• We removed the motor mount brackets from the rear of the engine and installed to Westsail 32 custom brackets that Beta supplied with the motor. One of the brackets didn’t fit right. Either the bracket design or the motor design had changed. We used the grinder to cut out a 3/4 by 3/4 inch notch in the bracket to make it fit. That cost us a half hour.

    Bud called Beta Marine and gave them a few choice words. He has several other Betas in the pipeline for Westsail installations. Beta promised to mount the brackets in the factory and to make any modifications necessary so that Bud wouldn’t have to do that in the field.
  • After lunch we really were ready to lift the motor in. It took us 3 hours to be ready not 1 hour. I checked on the fork lift status and Horary! it was fixed just that minute. Within 5 minutes the driver brought over the lift and we started the lift. So as it turned out, the broken fork lift truck didn’t really cause us much actual delay.

  • The process of lifting in the new engine was similar to removing the old one. Nothing was exactly straight forward. It took three of us (me, Bud and a boat yard worker) about 30 minutes of fooling around, pushing, pulling, twisting, and coaxing the heavy thing with a come along to get it in place. Along the way learned that come along in Spanish sounds like come along in English.

  • At this point the motor was sitting on the mounts but the mounts were not fastened to the underlying adapter plates.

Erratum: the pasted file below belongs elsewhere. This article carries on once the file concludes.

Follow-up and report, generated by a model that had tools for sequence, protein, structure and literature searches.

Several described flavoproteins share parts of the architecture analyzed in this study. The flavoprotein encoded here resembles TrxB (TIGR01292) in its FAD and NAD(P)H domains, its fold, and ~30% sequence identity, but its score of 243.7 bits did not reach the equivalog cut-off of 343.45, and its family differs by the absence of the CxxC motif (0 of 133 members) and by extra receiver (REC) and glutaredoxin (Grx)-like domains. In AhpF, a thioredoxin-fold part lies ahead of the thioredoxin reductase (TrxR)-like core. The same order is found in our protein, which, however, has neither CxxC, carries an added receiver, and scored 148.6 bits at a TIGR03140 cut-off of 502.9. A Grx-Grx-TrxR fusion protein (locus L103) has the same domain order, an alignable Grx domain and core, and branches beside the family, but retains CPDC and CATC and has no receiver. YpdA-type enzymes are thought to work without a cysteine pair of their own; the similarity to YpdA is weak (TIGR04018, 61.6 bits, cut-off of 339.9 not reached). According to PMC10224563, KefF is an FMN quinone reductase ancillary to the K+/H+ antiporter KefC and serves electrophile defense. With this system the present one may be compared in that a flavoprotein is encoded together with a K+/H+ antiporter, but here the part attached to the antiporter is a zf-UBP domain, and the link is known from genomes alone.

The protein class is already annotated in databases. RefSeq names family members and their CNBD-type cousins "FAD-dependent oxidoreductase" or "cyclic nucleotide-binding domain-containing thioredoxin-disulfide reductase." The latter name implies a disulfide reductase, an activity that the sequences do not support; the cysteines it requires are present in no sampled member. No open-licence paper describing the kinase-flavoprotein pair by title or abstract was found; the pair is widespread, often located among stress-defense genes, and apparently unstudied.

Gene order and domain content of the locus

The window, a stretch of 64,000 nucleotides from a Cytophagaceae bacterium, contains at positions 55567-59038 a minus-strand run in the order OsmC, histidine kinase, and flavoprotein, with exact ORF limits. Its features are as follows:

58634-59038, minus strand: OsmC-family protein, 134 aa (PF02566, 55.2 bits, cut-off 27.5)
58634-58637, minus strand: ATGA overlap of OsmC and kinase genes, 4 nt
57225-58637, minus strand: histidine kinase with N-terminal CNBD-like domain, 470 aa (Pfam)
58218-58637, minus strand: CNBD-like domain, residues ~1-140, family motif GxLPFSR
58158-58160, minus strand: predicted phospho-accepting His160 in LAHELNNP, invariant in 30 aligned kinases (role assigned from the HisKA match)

• The next step was to align the motor and shaft. This is where Bud’s special knowledge came in . We temporarily bolted the shaft to the motor using the shaft coupler. That made the shaft a very long extension pointer. We maneuvered the motor to center the shaft through the open shaft log hole in the stern. The shaft is one inch in diameter while the shaft log hole is four inches in diameter, so there is room to maneuver. We wiggled left and right, and we adjusted the nuts on the forward motor mounts to adjust tilt until the shaft passed through the center of the hole. We also had to add half inch aluminum shims under the forward mounts. To double check, we got down on the ground and pushed the shaft log on to verify that it indeed slipped easily around the shaft and into the hole. When that was done we could say that the motor and shaft were in perfect alignment.